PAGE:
Author's Commentary on "Ownership of Knowledge and Graduate Education"

This case raises three primary ethical issues: 1) ownership of ideas in the scientific process; 2) understanding professional obligations toward others and oneself; and 3) power differentials between these roles that can easily be exploited. What exacerbates the ethical concerns in this case is the lack of clear communication among those involved.

In Part 1, several incidents of miscommunication or lack of communication led to each person's perceptions. Moss feels that her ideas are not receiving proper credit, that Reynolds is taking advantage of her and that Abrams is not willing to champion her cause. These feelings arise from expectations that Moss may have had before entering the laboratory. She believes that her ideas should receive personal credit and that her research mentor should protect her when conflicts arise in the lab. Abrams' mentoring style cannot accommodate Moss's wishes. However, even if Abrams' mentoring style were made explicit to Moss, unexpected situations may arise in one's career. Continued communication between Moss and Abrams seems to be lacking. Both Moss and Abrams should strive to improve communication to resolve conflicts.

Reynolds is trying to write research grants, which is of paramount importance to a post-doc. He included Moss by asking her to read the proposal, which may have been his way of respecting Moss's ideas. His responsibility to Moss is somewhat ambiguous because although he is including her, she believes that she deserves more credit The issue here is whether Reynolds is taking credit for Moss's idea, and that is not clear from the case study. It could be argued that Reynolds is the most ethical of the three because he is trying to keep the laboratory funded, he appreciated Moss's ideas enough to include them in a grant proposal, and he suggested that Moss stay involved with the project. But that ignores Moss's concerns that she is being exploited by Reynolds. Abrams is a busy researcher in a competitive field. Professors with active research programs have many demands on their time. Resolving conflicts between people in the lab may not be a high priority, especially since graduate students and post-doctoral fellows are expected to behave like responsible adults. The real issue, then, is how to create policies in the laboratory to prevent unreasonable expectations, and, when new situations arise that cause conflict, to resolve these issues. One alternative is to discuss the situation with someone outside the lab. That could lend a fresh analysis of the situation and perhaps a swift resolution of the problem. Another, more feasible, option is to have regular, individual conversations between the lab director and the employees to try to avoid confrontations.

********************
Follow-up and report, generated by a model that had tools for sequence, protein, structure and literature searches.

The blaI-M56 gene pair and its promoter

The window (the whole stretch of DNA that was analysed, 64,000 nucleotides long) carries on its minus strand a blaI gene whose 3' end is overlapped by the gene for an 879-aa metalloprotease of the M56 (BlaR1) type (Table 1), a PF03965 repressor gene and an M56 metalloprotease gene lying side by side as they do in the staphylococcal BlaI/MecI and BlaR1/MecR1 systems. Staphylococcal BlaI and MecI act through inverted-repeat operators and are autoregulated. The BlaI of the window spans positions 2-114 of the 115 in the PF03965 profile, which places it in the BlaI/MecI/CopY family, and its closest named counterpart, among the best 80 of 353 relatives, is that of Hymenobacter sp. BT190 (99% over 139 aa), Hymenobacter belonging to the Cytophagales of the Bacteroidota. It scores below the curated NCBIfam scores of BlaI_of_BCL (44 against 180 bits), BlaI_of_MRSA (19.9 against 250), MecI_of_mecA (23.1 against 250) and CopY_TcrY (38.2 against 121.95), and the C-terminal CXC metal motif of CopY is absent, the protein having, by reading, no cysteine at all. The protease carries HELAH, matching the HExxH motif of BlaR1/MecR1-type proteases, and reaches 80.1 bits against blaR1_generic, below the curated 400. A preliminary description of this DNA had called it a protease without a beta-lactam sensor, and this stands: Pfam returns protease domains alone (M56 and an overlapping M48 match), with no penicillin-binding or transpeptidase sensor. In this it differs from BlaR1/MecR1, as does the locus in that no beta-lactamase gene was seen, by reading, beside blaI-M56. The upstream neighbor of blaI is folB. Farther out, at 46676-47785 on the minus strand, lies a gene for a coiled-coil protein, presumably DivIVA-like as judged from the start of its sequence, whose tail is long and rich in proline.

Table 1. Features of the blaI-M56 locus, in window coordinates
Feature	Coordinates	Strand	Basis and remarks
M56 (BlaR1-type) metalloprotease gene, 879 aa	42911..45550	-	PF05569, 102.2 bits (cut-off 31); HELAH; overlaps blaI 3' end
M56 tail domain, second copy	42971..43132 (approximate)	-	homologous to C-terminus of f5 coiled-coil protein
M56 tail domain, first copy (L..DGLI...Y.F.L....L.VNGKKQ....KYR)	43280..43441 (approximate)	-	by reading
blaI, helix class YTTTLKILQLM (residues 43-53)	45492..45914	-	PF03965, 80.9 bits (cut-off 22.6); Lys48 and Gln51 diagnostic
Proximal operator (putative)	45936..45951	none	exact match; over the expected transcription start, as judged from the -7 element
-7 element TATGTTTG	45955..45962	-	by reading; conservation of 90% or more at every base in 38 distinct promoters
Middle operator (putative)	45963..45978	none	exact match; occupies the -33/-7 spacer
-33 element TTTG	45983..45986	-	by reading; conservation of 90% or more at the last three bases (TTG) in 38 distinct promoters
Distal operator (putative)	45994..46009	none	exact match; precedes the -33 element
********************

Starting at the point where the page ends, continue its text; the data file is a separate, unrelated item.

The ownership of ideas in scientific research is an ambiguous ethical issue. The scientific community is debating whether conceptualization of an experiment constitutes work that should receive credit and, in some cases, authorship. In Part 2 of the case, both Reynolds and Abrams agree that ideas are cheap, but results are priceless. Moss feels that she deserves credit for her ideas and first shot at the bench work. Reynolds and Abrams agree that she can do the experiments, but they refuse to credit her ideas. In this particular case, Moss will get credit if she completes the experiments. If she does not do the experiments, however, will she still be acknowledged? Or more importantly, should she be acknowledged? Because the ideas belong to the laboratory, someone else may do the experiments before Moss has a chance. Unless Abrams and Reynolds agree to let Moss have the first attempt, Moss may again feel exploited. At that point, the issues of power differentials would have to be addressed.